Efficient, edible, delicious: building the perfect breakfast sandwich



What Makes the Perfect Breakfast Sandwich? As with any question, the answer depends on who you ask. But if you speak in terms of general sympathy and scientifically designed edible quality, you must at least mention McDonald’s Egg McMuffin.

I thought about it while digging into my current favorite breakfast sandwich, which lives in Kasama – a modern Filipino restaurant and bakery in the Ukrainian village district of Chicago. This particular sandwich layers a square of creamed egg soufflé, a patty of caramelized longanisa sausage, a slice of oozing American cheese and a hash brown (if you go all out) between two spongy potato roll halves. . It’s just chef enough, even though it has some undeniable similarities to the Sausage Egg McMuffin. And everyone seems to love it – on a good weekend morning Kasama produces around 200 between 9 a.m. and noon.

The creators of the sandwich are the married owners of Kasama, Chef Tim Flores and Pastry Chef Genie Kwon. They had always planned to have a breakfast sandwich on the menu – it was just about getting it right.

“(McDonald’s) was our highlight, like how close can we get our sandwich to breakfast? Kwon reminded me recently.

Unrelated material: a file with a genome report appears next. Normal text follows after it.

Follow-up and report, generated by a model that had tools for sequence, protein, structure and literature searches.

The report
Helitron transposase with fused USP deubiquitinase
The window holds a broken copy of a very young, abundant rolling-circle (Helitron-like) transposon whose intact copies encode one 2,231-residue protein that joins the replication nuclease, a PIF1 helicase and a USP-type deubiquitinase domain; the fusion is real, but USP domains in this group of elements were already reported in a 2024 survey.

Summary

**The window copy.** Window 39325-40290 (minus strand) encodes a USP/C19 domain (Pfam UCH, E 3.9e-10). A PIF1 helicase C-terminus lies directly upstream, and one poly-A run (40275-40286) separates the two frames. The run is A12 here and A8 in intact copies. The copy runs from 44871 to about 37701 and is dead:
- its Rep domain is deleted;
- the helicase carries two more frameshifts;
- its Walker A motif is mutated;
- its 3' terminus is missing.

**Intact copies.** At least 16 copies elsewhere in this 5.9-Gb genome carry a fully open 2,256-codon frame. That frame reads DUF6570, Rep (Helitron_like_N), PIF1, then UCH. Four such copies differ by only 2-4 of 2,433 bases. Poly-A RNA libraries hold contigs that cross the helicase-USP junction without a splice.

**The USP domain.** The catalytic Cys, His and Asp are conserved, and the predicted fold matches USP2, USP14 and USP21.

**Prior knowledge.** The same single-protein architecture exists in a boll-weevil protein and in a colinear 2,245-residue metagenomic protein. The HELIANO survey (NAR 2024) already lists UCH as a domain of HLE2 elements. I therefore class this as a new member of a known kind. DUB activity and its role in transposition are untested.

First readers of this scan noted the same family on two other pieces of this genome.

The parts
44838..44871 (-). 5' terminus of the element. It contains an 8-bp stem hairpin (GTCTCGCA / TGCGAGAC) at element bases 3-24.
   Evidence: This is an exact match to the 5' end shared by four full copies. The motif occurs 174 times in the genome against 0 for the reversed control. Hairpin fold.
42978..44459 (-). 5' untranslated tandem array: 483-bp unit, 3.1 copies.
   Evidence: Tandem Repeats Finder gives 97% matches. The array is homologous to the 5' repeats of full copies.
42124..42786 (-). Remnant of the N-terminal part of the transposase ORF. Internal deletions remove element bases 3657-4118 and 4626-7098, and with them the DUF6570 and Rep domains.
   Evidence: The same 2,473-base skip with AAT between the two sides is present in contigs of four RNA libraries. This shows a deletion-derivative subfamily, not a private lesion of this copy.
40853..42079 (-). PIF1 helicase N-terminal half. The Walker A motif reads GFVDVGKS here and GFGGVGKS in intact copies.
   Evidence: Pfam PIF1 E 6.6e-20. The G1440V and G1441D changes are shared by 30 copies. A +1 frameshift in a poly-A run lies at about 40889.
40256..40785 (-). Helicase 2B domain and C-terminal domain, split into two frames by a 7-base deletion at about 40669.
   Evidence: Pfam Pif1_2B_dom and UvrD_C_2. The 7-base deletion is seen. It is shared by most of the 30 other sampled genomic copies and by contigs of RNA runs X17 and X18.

Interestingly, the “highlight” here applies as much to efficiency as it does to gluttony and eatability, in large part because this small, independent restaurant opened in the midst of a pandemic ( and subsequent shortages of personnel and ingredients which would prove to be equally unrelenting). As foodie veterans (Flores of Oriole and Senza in Chicago; Kwon of Oriole, Eleven Madison Park in New York, and Flour Bakery & Cafe in Boston), the duo had to reconsider their nagging impulse to do it all from zero.

Instead, they took a page from the efficiency and consistency manual of the fast food industry. The main test for each prototype was to let the sandwich sit in its aluminum sleeve for at least 30 minutes before digging.

“When we started working on the breakfast sandwich, the biggest qualifications were: is it edible? For example, can you have it on your lap in the car? And will he sit there for a while? Said Flores.

Some answers came easily. Before opening Kasama, Flores spent two years perfecting her recipe for longanisa, a chorizo-esque Spanish sausage based on the mildly sweet version you’ll find in Pampanga, the Philippine province where her father is from. Additionally, Flores and Kwon quickly realized that shredding, shaping, pre-cooking and frying 500 hash browns to order every week with a small kitchen staff made no sense when the vendors had already designed an always tasty frozen version for much less.

Kasama Egg Sandwich (Maggie Hennessy)

In the end, the bread turned out to be the biggest obstacle. For weeks Flores and Kwon tested everything from flaky brioche slices and milk bread rolls, but either the rich bread crumbled all over the place or the inside of the sandwich was crushed. They only settled the matter one afternoon when they dug into cheeseburgers on the Martin’s Potato Rolls for the staff meal.